How do you execute a successful pre-order sales strategy?


Taking customer orders for products before they become available for public purchase is a smart tactic used to generate interest and buzz ahead of a new product launch. Customers love pre-orders because it means they can get their hands on a product before anyone else.

But pre-order sales aren’t just about getting the customer excited. They can be a powerful tool for raising the funds needed to develop a product or service for the market. And for startup startups, especially in the current climate, revenue from pre-orders can be the key to kick-starting their new business.

A pre-order sales strategy helped UK nail tech startup Glaize to make a flying start. Founder Gina Farran says: “Because we produce everything in-house, we didn’t have a full picture of which colors would sell well and which would not. With pre-orders, we can model our production runs based on actual customer orders, which reduces waste and ensures that we only use necessary quantities of raw materials.”

The team began building a waitlist nearly a year before the launch, through a combination of organic content that helped build a social media community, some press coverage, and experimentation with lead generation ads.

“By the time we opened for pre-orders, we had over 4,000 people on our waiting list,” Farran says. “They had been waiting for a long time, so we opened the pre-orders exclusively for them at first to thank them for their patience. Our strategy has helped us launch the company with a bang.”

One of the most effective ways to get pre-orders is through crowdfunding. Alan Mosely and his wife are the founders of smart sleep aid for babies SleepaSlothwhich they self-finance since 2019 and oversee the development of the idea and prototypes. They are now working on a Kickstarter crowdfunding campaign for September to secure pre-orders, get feedback and create a community.

“Pre-orders help you get the financing you need to continue manufacturing your product,” says Mosely. “Creating a hardware product or device requires a significant amount of upfront capital to create the tools your factory uses to make your product. Factories also require a minimum order quantity, usually 1,000 units or more, to even start building your product. You have to pay half of this upfront where you can put your pre-order sales to good use.”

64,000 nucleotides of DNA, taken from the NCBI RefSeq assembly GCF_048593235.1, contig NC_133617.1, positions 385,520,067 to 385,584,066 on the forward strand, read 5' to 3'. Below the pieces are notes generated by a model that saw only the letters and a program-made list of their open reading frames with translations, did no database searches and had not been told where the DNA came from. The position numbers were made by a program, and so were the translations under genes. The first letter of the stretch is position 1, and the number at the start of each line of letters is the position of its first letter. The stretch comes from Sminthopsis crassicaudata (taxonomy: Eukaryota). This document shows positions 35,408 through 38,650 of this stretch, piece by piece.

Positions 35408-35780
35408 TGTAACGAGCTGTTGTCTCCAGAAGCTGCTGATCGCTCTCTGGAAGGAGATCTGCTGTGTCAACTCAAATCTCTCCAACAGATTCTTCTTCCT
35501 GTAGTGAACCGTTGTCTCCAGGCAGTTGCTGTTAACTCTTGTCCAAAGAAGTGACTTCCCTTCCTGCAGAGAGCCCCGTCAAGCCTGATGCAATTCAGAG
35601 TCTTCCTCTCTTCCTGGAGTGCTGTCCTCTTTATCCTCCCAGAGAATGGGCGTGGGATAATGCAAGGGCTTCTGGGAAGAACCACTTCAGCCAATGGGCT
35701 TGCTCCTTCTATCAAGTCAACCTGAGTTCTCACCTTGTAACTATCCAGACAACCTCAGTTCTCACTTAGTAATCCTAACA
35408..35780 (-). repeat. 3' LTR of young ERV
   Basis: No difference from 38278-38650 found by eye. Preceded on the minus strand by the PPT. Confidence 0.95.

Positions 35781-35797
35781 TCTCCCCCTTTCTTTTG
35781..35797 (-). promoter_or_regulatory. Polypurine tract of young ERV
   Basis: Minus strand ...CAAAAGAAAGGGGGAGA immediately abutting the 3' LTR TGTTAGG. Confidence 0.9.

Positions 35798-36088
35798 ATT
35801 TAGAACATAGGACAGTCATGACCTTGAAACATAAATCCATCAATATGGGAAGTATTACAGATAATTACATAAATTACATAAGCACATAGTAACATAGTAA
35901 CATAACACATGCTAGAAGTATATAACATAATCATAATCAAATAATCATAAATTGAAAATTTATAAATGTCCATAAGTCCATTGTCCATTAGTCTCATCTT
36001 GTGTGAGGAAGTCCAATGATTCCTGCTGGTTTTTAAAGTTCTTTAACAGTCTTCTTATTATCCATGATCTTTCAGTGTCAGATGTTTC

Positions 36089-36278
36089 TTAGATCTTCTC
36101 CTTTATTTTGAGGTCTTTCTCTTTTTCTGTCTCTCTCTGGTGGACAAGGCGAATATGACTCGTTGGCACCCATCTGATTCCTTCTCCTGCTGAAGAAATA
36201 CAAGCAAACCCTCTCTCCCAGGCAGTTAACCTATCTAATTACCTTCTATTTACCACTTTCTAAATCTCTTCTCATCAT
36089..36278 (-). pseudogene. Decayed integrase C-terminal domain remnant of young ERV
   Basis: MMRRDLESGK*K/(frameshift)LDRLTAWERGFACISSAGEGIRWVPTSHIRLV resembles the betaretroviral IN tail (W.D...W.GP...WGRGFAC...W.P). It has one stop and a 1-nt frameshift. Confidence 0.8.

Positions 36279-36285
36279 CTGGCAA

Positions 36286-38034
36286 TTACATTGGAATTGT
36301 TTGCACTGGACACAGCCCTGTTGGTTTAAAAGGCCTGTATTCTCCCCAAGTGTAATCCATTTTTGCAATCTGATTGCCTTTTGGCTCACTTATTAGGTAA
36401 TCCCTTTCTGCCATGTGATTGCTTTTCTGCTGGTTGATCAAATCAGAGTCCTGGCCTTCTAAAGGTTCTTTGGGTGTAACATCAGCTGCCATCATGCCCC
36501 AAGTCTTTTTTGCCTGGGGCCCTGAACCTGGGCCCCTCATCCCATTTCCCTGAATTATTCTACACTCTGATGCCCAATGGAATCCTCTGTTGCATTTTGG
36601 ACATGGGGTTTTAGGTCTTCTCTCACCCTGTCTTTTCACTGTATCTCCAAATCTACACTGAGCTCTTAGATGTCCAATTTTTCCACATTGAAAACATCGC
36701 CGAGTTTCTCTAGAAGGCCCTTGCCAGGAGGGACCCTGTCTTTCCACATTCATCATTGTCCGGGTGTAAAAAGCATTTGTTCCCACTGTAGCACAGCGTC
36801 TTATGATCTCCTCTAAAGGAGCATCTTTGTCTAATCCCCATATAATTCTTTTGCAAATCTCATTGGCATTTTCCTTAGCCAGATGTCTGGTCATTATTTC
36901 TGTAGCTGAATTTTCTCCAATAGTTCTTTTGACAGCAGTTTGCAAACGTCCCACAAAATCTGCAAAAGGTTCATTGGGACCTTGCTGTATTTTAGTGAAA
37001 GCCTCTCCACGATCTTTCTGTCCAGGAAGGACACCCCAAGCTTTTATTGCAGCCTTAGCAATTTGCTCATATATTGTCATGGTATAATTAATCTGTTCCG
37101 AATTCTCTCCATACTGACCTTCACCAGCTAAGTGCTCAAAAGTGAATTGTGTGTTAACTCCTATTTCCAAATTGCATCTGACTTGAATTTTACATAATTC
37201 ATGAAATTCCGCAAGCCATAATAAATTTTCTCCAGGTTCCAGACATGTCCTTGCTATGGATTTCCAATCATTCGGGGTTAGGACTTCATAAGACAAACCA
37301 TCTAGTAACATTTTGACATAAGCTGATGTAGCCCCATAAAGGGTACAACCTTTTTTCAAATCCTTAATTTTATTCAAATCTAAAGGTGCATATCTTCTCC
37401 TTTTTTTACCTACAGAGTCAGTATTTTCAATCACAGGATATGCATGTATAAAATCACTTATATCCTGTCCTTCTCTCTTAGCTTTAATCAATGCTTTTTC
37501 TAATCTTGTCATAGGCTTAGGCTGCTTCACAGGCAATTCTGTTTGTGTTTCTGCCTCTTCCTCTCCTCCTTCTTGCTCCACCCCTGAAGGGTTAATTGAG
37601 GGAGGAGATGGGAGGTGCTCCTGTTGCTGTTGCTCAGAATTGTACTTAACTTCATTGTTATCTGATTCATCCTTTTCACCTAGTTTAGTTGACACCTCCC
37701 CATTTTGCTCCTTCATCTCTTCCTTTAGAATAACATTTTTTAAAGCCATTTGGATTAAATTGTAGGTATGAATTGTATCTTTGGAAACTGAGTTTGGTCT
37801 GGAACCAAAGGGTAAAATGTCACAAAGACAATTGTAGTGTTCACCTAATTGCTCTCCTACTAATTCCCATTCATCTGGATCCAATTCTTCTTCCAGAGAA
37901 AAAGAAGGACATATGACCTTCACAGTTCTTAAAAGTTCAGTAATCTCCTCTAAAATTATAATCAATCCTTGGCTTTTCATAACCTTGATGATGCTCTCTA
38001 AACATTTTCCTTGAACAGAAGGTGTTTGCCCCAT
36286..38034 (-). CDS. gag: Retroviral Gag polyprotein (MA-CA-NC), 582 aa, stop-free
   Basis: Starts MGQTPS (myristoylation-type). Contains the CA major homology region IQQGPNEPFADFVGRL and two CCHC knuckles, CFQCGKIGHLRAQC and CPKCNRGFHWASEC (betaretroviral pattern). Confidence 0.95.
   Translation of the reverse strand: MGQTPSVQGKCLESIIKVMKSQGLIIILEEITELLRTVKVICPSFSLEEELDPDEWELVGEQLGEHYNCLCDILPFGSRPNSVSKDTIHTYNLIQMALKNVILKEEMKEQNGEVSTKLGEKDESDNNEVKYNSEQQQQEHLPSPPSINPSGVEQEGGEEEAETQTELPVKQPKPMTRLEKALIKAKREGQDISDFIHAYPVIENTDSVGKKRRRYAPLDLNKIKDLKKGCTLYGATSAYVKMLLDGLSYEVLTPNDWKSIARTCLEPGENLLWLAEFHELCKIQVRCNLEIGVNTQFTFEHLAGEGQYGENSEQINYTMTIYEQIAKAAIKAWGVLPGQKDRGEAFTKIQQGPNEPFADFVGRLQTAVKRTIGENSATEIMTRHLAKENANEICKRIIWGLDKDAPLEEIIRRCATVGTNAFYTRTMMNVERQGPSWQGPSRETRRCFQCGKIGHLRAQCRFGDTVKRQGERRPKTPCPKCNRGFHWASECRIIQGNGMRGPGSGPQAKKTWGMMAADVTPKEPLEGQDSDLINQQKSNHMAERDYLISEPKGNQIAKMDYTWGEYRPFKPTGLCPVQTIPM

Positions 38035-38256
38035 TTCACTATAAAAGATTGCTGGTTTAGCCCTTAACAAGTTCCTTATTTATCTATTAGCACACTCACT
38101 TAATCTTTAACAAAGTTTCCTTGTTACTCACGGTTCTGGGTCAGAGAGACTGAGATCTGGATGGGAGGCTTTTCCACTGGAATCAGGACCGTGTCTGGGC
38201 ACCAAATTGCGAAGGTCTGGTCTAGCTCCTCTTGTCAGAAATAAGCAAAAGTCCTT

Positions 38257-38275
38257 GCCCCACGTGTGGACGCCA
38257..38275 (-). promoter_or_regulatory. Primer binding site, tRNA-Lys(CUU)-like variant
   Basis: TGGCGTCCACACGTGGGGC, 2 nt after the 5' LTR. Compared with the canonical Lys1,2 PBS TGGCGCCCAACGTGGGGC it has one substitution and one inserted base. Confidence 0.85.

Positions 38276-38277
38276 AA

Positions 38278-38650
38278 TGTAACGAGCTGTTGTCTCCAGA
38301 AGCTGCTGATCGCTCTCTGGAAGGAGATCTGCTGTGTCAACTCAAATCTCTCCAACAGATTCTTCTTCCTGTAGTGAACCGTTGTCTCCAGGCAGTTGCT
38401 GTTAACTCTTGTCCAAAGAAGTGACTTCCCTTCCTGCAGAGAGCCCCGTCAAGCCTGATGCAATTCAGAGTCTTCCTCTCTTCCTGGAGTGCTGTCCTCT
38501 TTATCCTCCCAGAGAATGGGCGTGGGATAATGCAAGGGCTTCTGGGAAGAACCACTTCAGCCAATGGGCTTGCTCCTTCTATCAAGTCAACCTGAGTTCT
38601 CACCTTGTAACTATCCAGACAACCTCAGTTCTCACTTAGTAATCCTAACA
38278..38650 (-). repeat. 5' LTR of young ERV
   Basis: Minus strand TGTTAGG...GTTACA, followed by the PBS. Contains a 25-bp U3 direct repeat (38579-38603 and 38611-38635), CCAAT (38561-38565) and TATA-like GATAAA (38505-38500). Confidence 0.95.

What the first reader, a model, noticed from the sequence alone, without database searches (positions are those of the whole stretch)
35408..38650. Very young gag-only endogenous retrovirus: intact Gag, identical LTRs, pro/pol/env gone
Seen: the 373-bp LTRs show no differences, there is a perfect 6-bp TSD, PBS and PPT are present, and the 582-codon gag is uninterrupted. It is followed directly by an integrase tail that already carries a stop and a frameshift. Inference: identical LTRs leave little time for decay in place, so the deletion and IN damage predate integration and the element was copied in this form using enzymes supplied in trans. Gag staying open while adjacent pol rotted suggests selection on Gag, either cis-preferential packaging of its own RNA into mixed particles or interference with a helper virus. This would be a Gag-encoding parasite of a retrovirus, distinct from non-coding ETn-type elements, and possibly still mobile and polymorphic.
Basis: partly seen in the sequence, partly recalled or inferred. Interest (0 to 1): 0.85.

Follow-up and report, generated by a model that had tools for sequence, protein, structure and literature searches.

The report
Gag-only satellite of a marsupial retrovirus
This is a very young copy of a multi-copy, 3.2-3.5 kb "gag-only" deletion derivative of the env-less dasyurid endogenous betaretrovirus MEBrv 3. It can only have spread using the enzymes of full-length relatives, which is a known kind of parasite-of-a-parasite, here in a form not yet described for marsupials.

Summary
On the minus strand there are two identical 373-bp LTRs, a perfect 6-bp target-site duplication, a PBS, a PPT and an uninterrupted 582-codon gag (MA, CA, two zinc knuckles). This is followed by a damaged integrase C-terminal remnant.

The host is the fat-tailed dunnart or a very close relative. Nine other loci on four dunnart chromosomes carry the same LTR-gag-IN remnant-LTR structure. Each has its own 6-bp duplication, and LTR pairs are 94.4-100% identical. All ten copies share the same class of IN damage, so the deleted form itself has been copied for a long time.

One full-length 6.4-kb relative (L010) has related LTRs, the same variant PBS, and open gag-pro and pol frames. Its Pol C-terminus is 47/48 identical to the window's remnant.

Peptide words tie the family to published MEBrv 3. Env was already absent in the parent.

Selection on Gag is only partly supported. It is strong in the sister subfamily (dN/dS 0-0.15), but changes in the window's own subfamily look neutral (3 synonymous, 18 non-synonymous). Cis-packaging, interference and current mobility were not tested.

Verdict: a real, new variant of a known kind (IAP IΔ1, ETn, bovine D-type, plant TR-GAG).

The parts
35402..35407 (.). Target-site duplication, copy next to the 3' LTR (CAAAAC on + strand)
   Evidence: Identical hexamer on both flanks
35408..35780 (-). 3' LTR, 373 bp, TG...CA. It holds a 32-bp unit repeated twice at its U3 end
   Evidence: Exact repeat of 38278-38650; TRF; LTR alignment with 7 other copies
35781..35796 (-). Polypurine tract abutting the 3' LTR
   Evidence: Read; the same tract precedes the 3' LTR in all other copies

Martina Schwarz, founder of Black marketran a crowdfunding campaign on Kickstarter last year to determine whether there was sufficient demand for its product and to help generate the cash flow for the first production run.

She says. “I was amazed at how much support we got; a supporter in Australia ordered £180 worth of hand wash. We have considered doing another pre-sale for future product launches, but it’s always a matter of balancing the time invested in the pre-sale campaign and the economies of scale and cash flow benefits.”

In addition to easing financial pressures and boosting cash flow, a pre-sales strategy can be a valuable way to gauge audience interest in the offering, such as EJ Trivett, founder of creative business incubator thrivingexplains.

She says: “If pre-sales are difficult, it’s a strong indication that the offering may need to be refined, the messaging adjusted, or it’s just not worth developing further. before they invest’.”

But as she also points out, post-Covid has seen a shift in consumer spending habits. The online space in particular is more saturated and people are buying much more last minute than before. “For startup founders, this is also where our coaches work on their mindset, because this is a tough time to sell something, and they need to have the courage to take that offer out into the world,” she adds.

Pre-ordering isn’t easy and a solid marketing strategy that includes social media ads on Google and partnering with industry influencers and PR is key to generating that initial buzz around a new product.

Schwartz’s advice is to build a strong community of supporters early on, and ideally have 50% of them ready to pre-order as soon as you go live.

“Psychological pricing plays a big role, so offer more than one product and create different packages to appeal to different price ranges,” she says. “For us, this meant selling linen towels with our hand wash, as well as bundles of products.”

She also emphasizes the importance of managing expectations for delivery. “So many things can go wrong, so allow extra time to ensure a smooth delivery of your pre-sale products,” she says.